Quote Originally Posted by geysir View Post
    Just FYI , Howard Wells is quoted as claiming he asked the FIFA legal dept. to look into the eligibility of Alex Bruce.
    As it stands now, the eligibility of Alex Bruce is a proven precedent until and unless there is a new ruling which contradicts it.
    There is nothing higher than a binding precedent and it allows us to interpret the rules in the way they are meant to be interpreted.
    Precedent is only a guide to future action, not a binding constraint, especially if that precedent may be demonstrated to have been the result of oversight or error.

    In which case, under which FIFA Article (15? 17? Some other?) do you consider that players born outside of Ireland, with only an NI-born grandparent, may qualify for ROI?

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    Jesus Stutts, that's a lot of power to be bestowed to my rubbishing.

    Quote Originally Posted by Stuttgart88 View Post
    Is there any ambiguity relating to the requirement to have a biological parent born on the territory (notwithstanding the Alex Bruce precedent / interpretation) or a (no mention of bioligical) grandparent born on the territory.

    So, for example, Tony Cascarino would not be eligible under today's rule, but his kids might be, no? He was adoped by an Irish woman.
    Cas was adopted by his loving English born mother who had an Irish father.
    Afaia the step-parent/ step-grandparent link is as good as adopted parent/ adopted grandparent link, is as good as the birth parent/birth grandparent link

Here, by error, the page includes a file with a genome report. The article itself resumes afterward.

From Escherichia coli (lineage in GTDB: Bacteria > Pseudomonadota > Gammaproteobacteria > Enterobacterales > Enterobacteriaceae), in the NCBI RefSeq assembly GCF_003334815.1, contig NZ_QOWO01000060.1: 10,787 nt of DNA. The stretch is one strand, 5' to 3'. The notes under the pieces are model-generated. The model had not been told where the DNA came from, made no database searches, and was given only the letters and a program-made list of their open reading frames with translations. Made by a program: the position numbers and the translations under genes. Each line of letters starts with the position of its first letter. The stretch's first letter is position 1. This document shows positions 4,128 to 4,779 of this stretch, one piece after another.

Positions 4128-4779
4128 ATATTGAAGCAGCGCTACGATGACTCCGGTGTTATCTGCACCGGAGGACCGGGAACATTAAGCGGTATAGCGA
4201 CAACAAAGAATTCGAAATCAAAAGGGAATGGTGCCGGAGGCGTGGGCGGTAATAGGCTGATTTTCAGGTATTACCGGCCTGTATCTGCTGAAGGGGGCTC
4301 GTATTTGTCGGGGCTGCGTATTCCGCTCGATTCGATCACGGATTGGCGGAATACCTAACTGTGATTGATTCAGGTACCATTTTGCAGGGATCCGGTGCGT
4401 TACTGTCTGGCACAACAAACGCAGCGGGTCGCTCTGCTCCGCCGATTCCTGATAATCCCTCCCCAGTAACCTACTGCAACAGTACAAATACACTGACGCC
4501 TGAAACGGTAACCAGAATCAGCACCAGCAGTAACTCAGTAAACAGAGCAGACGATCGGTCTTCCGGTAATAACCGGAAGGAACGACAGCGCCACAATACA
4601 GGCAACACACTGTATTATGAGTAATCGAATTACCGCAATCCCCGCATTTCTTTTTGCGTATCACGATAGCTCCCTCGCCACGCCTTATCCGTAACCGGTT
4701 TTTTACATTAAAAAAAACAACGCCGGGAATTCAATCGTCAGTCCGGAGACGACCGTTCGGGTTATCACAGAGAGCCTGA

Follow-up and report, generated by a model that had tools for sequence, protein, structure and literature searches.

Also, the active interpretation of Article 18.1 (a) is that in order to change association if you have played a competitive underage international for one country is that at the time you played at that level for your first country then you must also have been eligible to play for your "new" country. I'm pretty sure this follows from Ciaran Clark (I'm assuming he played competitive underage footy for England and was not an Irish passport holder at the time).
    The FIFA rules reads as "he already had the nationality of the representative team for which he wishes to play".
    Clark was an Irish citizen at the time he was born England. Your kids are Irish citizens.
    Clark's FIFA eligibility status would not be affected even if he had not got it together to apply for an Irish passport at the time he was capped for England.

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  17. #35
    International Prospect osarusan's Avatar
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    Quote Originally Posted by Not Brazil View Post





    If either of your parents was an Irish citizen at the time of your birth, then you are automatically an Irish citizen, irrespective of your place of birth.